What to Expect From the World’s First Flushable Pregnancy Test
Lia, the world’s first flushable pregnancy test, is set to hit the market in mid-2018. Replacing traditional pregnancy tests’ hard plastic shell with a thin plant-fiber design, Lia promises to be more environmentally friendly and to better protect the privacy of its users. “Lia is great for women who want the choice to share their pregnancy news on their own terms,” says Bethany Edwards, co-founder and CEO of Lia Diagnostics, who invented the test with co-founder Anna Couturier Simpson.
Like some existing products, the test detects pregnancy by reacting to the presence of hCG, a hormone, in urine. But unlike those other tests, explains Couturier Simpson, “Lia is thin enough to be hidden in a wallet before use, and also flushable, as it breaks down like three-ply toilet paper in water. If a woman wants to conceal her results, she can easily dispose of it in the toilet.”
In developing the product, “we spoke with hundreds of women. And we listened, without judgement, to their stories and experiences,” says Edwards. She recounts stories of women hiding pregnancy tests, or taking them to public or workplace restrooms to avoid someone at home. Because pregnancy and pregnancy testing happen in so many different contexts, surrounded by a such a wide range of emotions—excitement, joy, dread, fear, shame—there should be a test “that considers the intricacies of such a life-altering, private, and personal experience,” says Edwards.
For instance, “Lia is helpful in preventing a controlling partner from finding out about the pregnancy,” says Couturier Simpson. “If a woman finds out she is pregnant and wants to get away from the partner, she can make safer choices” and independently decide what to next. Women in abusive relationships may face “reproductive coercion,” being pressured to get pregnant, continue with an unwanted pregnancy, or have an abortion. Abusive partners may sabotage a woman’s birth control regimen, or coerce her into unprotected sex. According to the Centers for Disease Control and Prevention, 5 percent of U.S. women report having an intimate partner who tried to get them pregnant against their will. A discreet test like Lia can give women back some element of control over their bodies.
Edwards also points out that Lia could be helpful for women struggling with fertility, so “they don’t have to experience the emotional reminder of seeing a trash bin filled with pregnancy tests.” For women on birth control methods that halt their monthly period, frequent pregnancy tests may be one way to gain peace of mind, and storing and disposing of Lia takes up much less space than other products on the market.
Originally though, Lia’s founders were primarily driven by the product’s environmental sustainability potential. In the U.S. alone, according to Edwards, pregnancy tests generate two million pounds of plastic and battery waste every year. Edwards and Couturier Simpson realized the plastic pregnancy test design hadn’t really changed much in about 30 years. Lia, by comparison, is biodegradable and weighs no more than a wad of toilet paper. It incorporates a coating that’s water-repellent enough for users to take the test, but absorbent enough for it to be flushed.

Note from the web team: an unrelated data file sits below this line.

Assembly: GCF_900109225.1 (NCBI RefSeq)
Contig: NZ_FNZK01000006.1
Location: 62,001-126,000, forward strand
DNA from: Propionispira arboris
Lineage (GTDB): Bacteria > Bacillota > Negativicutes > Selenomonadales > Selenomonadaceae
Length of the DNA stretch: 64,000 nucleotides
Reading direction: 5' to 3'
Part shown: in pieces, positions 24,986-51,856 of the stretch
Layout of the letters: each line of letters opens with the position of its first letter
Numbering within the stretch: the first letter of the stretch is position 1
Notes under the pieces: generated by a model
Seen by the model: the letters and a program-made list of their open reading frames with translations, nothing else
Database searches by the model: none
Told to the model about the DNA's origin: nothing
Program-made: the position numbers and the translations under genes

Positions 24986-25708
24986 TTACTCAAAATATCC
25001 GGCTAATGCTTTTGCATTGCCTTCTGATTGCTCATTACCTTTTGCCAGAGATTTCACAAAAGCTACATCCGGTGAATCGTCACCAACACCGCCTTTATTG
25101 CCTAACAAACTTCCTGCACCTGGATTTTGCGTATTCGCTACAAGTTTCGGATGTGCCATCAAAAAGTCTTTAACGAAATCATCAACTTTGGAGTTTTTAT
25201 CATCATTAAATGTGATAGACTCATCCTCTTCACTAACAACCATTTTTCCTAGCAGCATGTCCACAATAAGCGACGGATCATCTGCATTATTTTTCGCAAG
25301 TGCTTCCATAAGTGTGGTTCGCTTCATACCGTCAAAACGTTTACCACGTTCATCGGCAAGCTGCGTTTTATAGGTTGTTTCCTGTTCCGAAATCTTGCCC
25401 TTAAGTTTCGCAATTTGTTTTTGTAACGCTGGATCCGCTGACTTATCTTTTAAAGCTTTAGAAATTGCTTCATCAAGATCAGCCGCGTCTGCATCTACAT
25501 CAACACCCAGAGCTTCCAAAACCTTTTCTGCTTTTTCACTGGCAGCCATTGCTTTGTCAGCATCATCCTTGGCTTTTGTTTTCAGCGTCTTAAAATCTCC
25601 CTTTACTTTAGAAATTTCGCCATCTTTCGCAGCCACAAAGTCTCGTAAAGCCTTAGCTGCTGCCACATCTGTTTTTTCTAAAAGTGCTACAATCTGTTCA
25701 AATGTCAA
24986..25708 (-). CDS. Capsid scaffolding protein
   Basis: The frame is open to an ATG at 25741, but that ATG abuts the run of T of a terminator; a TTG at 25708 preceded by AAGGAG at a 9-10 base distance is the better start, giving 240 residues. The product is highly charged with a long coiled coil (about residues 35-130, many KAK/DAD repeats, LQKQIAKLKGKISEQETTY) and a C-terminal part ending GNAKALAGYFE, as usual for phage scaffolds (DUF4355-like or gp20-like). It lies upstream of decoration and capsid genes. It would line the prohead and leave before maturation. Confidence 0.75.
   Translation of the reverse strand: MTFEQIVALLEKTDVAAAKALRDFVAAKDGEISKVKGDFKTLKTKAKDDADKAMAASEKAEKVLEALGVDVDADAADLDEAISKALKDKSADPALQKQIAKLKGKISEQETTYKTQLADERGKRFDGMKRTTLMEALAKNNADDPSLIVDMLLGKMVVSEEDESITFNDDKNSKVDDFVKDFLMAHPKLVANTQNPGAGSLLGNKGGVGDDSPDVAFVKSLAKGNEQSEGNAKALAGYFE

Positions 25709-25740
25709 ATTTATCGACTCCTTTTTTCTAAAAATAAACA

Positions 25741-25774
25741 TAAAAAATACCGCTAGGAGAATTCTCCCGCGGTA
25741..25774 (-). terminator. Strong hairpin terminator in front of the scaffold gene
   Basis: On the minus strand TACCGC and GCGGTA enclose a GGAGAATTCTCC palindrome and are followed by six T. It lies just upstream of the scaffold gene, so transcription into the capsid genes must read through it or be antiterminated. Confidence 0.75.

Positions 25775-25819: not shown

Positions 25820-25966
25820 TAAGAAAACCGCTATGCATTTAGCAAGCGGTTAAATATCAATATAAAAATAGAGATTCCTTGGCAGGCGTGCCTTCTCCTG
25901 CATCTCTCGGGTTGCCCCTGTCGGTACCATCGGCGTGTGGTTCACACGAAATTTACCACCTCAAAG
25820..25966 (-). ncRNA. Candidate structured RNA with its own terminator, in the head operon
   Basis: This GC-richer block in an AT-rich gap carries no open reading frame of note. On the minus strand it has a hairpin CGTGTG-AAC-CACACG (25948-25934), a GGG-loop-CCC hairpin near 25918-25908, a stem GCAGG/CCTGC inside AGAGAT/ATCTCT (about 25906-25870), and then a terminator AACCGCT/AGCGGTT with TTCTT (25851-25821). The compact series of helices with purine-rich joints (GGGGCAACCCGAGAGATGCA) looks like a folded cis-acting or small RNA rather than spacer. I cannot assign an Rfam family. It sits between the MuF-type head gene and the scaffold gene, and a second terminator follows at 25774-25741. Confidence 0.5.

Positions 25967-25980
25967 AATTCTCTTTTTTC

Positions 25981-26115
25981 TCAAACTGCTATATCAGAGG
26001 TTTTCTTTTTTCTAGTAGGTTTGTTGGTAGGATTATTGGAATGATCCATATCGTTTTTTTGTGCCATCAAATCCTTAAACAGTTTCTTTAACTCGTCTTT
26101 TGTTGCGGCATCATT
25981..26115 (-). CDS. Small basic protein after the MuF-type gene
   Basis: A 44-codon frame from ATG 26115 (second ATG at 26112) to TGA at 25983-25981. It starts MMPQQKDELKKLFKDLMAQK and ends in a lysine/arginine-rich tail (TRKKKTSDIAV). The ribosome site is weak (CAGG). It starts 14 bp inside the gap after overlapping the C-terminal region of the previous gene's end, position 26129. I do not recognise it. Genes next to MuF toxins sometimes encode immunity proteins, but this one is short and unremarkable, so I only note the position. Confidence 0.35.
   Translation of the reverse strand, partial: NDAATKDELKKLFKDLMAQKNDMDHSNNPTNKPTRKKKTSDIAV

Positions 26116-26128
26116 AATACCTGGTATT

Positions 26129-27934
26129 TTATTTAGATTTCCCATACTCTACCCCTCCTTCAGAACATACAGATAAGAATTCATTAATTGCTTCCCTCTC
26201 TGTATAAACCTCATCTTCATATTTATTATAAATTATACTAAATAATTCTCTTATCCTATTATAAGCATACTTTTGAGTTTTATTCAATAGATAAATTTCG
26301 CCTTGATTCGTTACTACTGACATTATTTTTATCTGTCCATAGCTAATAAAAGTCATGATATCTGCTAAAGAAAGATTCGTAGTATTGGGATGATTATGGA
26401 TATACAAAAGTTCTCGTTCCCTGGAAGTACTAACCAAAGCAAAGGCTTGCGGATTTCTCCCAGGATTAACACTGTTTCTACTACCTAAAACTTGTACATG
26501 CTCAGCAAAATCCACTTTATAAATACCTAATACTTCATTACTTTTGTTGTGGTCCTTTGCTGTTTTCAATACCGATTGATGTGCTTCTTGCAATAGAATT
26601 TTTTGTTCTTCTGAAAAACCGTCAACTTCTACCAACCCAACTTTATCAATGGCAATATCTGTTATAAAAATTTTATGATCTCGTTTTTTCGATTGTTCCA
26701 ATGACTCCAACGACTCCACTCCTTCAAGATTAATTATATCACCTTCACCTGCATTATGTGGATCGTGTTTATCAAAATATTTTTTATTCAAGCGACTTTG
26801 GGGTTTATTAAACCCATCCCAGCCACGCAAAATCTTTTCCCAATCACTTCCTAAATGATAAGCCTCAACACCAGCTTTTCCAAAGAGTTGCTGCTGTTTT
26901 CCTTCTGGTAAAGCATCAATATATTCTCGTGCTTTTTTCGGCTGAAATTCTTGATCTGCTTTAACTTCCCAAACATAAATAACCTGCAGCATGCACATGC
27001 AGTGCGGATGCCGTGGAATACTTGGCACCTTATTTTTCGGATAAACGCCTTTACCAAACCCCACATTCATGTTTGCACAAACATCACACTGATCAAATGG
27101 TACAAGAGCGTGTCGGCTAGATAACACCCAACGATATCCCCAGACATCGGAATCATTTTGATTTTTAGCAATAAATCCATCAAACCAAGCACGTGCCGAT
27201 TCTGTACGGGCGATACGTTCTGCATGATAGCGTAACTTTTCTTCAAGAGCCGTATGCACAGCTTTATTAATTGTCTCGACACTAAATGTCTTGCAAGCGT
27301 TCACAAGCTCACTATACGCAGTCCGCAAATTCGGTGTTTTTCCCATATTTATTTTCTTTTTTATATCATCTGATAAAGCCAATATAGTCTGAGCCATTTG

Edwards says she’s always been passionate about women’s rights and environmental sustainability. She and Couturier Simpson both studied integrated product design at the University of Pennsylvania, and both were looking for entrepreneurial opportunities that would allow them to use their engineering skills and make a social impact.
Raising enough funding to develop and launch the product was a challenge, and it took the founders two years, from 2015 to 2017. Early on, they won Temple University’s Innovative Idea Competition which awards up to $2,500 to teams of Temple students and alumni for practical, innovative businesses and nonprofit projects. They also received a stipend from DreamIt Ventures, a digital health and urban tech accelerator. “Throughout 2015, we entered every business plan competition, pitch, and grant we could find,” Edwards says. They finally cobbled together the means to build a prototype that year.
“Fundraising is never an easy process,” reflects Edwards. “It's inherently filled with ups and downs and unpredictability.” But once Lia’s founders had a prototype and began to hit their business targets, attracting follow-up funding was less of a struggle. From there, Lia began picking up momentum, leading up to the product’s FDA approval in December of last year and its upcoming launch. (The test is already available for preorder on Lia’s site.)
Despite the challenges, Couturier Simpson says “it’s absolutely worth the time, effort, and sacrifice to create something that will leave the world a better place than when you started.”
Lia is part of a wider movement towards inclusive innovation in an age when investors and product development teams often fail to consider the needs of women. Alongside Lia, there are several new companies working to reconsider the feminine hygiene sector. Menstrual cups, reusable pads, and absorbent underwear, for example, have been gaining ground as affordable and eco-friendly alternatives to tampons and pads, with special meaning for women in communities where menstruation is still stigmatized.
“Don’t be afraid to rethink the status quo,” says Couturier Simpson, offering some advice to aspiring entrepreneurs. “Just because things are traditionally one way, doesn’t mean that there isn’t a better way.”